On Wednesday, Senator Roy Blunt (R-Mo.) and I spoke on the Senate floor to raise concerns with the Department of Health and Human Services (HHS) policy for national liver allocation. We have led efforts to stop the Organ Procurement and Transplantation Network’s (OPTN) move to change the liver allocation policy, which would negatively impact patients awaiting transplants in Midwestern states, including Kansas and Missouri. We have also continually urged Secretary Azar to delay the implementation of changes to the national liver allocation policy while there is ongoing litigation.

The lack of interest and concern exhibited by those involved in this process is appalling to me. I spoke on the Senate floor about this policy because of the outright refusal of the Secretary of Health and Human Services to halt the implementation of this damaging and unfair health policy that has been criticized by both medical experts or our nation’s judicial system.

Meeting with Kansas Secretary of Labor Delia Garcia

On Monday, I had the opportunity to meet with Kansas Secretary of Labor Delia Garcia. Secretary Garcia and I discussed the actions being taken by the Kansas Department of Labor to assist the Spirit AeroSystems employees in Wichita who were laid off. If you are seeking financial assistance, we encourage looking into the Kansas Department of Labor’s Shared Work Program. I will continue supporting our community partners and those impacted through my participation on the Aerospace Task Force as well as conversations with the White House and FAA to see the 737 MAX safely returned to production.

Meeting with Kansas State University

On Wednesday, a number of administrators from Kansas State University were in Washington, D.C. to discuss current information related to their university initiatives. We held a number of different meetings focused on issues like investing in research facilities at land grant universities, current initiatives at the university and advancing K-State Polytechnic’s leadership within the aviation industry.

Speaking with President Richard Myers and Senior Administration

First, I met with President Richard Myers of Kansas State to discuss the need for additional resources for agriculture facilities at land-grant universities like K-State. As a member of the Appropriations Subcommittee on Agriculture, I understand the importance of investing in research facilities at land grant universities, as they are responsible for creating the next generation of innovators in farming and ranching. I look forward to working with K-State and my colleagues in the Senate to make sure that our nation’s land grant system is strong. K-State Athletic Director Gene Taylor was also in attendance and we discussed the hearing that I held on student-athlete compensation for use of their name, image, and likeness earlier in the week. It was also great to see Provost Chuck Taber, Dean Ernie Minton and Governmental Relations Officer Sue Peterson.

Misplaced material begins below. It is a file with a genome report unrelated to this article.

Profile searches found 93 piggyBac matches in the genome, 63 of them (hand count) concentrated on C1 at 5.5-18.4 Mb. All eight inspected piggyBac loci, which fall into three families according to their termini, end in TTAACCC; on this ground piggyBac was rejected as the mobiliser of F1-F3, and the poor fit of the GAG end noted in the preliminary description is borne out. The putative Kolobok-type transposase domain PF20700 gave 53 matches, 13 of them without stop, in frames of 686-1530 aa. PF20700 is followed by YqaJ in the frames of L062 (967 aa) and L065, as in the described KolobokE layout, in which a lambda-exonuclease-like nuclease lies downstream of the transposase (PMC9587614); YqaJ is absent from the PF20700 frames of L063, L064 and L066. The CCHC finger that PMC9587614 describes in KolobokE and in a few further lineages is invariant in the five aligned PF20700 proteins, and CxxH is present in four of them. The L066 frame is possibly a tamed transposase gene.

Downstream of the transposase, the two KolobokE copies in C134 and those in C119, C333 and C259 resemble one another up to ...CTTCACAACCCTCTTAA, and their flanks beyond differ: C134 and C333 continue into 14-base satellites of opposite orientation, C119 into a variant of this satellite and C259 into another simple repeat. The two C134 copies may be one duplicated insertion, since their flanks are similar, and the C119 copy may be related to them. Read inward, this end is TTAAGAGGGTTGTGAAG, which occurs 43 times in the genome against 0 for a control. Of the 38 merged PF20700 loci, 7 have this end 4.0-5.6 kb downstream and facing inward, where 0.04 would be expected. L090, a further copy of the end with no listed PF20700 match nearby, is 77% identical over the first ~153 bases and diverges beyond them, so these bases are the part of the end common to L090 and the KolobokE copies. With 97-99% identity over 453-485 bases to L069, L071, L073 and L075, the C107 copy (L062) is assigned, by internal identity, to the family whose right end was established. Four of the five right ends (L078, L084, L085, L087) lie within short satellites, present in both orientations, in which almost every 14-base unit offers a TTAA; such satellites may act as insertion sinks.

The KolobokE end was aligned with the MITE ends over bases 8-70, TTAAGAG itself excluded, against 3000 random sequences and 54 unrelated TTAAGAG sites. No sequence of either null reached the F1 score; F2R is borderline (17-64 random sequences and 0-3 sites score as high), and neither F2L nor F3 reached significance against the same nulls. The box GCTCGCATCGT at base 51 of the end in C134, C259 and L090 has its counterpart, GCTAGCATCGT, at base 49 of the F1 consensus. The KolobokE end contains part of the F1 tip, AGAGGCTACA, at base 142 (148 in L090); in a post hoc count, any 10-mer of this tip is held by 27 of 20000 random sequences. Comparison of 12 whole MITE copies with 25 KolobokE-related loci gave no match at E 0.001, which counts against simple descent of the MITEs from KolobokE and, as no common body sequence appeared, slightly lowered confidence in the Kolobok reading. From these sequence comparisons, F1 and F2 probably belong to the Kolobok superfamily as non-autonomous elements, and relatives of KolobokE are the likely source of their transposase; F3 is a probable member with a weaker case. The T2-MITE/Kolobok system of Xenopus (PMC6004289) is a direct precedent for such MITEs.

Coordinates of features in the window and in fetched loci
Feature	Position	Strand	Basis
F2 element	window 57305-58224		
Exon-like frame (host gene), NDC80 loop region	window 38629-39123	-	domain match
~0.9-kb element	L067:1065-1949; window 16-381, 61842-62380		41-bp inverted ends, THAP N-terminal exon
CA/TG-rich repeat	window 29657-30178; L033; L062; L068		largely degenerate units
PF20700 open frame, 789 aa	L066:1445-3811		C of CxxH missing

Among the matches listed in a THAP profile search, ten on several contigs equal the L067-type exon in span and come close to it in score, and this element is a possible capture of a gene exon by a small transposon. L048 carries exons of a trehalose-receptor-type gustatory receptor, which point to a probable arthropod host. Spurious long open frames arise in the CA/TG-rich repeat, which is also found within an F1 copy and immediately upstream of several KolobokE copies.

Visiting with Dean Amit Chakrabarti and Gary Clark

I also enjoyed meeting with Dean of the College of Arts and Sciences Amit Chakrabarti and Interim Dean of the College of Engineering Gary Clark. I was interested to hear about the work happening at K-State to turn the university into a cyber land-grant university, a program that can pair any degree with a background in computer engineering and experience with technology that will drive every sector of the economy in the future. The importance of expanding student access to computer science education is paramount for Kansas to have a strong, modern economy and I appreciate the efforts of K-State in this area. As chairman of the Appropriations Subcommittee on Commerce, Justice, and Science that provides resources for federal research in STEM fields, including computer science, I look forward to working with my Senate colleagues to make sure that America continues to be the global leader in innovation.

The President's FY2021 Budget Requests

This week, the president’s Budget for FY2021 was released which outlines the administration’s priorities for the upcoming year. The power of the purse ultimately lies with Congress and as a member of the Senate Appropriations Committee, I look forward to reviewing the requests and the hearings over the coming months to further discuss details with administration officials.


While I was encouraged to see NASA’s budget proposal supports returning American astronauts to the Moon, I remain eager to receive sufficient budget details that match our ambitious human exploration goals. Additionally, I was disappointed to see the budget proposes cuts for STEM education, which plays a vital role in making certain we have the talent to achieve our mission. As Chairman of the Senate Commerce, Justice, and Science Appropriations Subcommittee, I look forward to my subcommittee’s oversight hearings in the coming months to discuss the FY2021 budget, the specifics of the five-year Artemis plan and how this budget will ensure our nation’s leadership in the space domain for years to come.

Veteran Affairs

Our veterans deserve the best care this country can offer, and President Trump’s budget proposal for FY2021 supports the ongoing implementation of community care under the MISSION Act, reducing veteran suicide and transforming the VA’s system to provide veterans with the right benefits at the right time. As Chairman of the Senate Veterans’ Affairs Committee, I look forward to learning more about the budget request and working with VA Secretary Robert Wilkie to identify how veterans’ outcomes will be improved under the new investments in VA programs.

Honored to Serve You in Washington
It is an honor to serve you in Washington, D.C. Thank you to the many Kansans who have been calling and writing in to share their thoughts and opinions on the issues our state and country face. I appreciate the words of Kansans, whether in the form of a letter, a Facebook comment, or a phone call, who wish to make their voice heard.

Please let me know how I can be of assistance. You can contact me by email by clicking here. You can also click here to contact me through one of my Kansas offices or my Washington, D.C., office.

Newsletter Sign-up Form

Note: Fields marked with an * are required.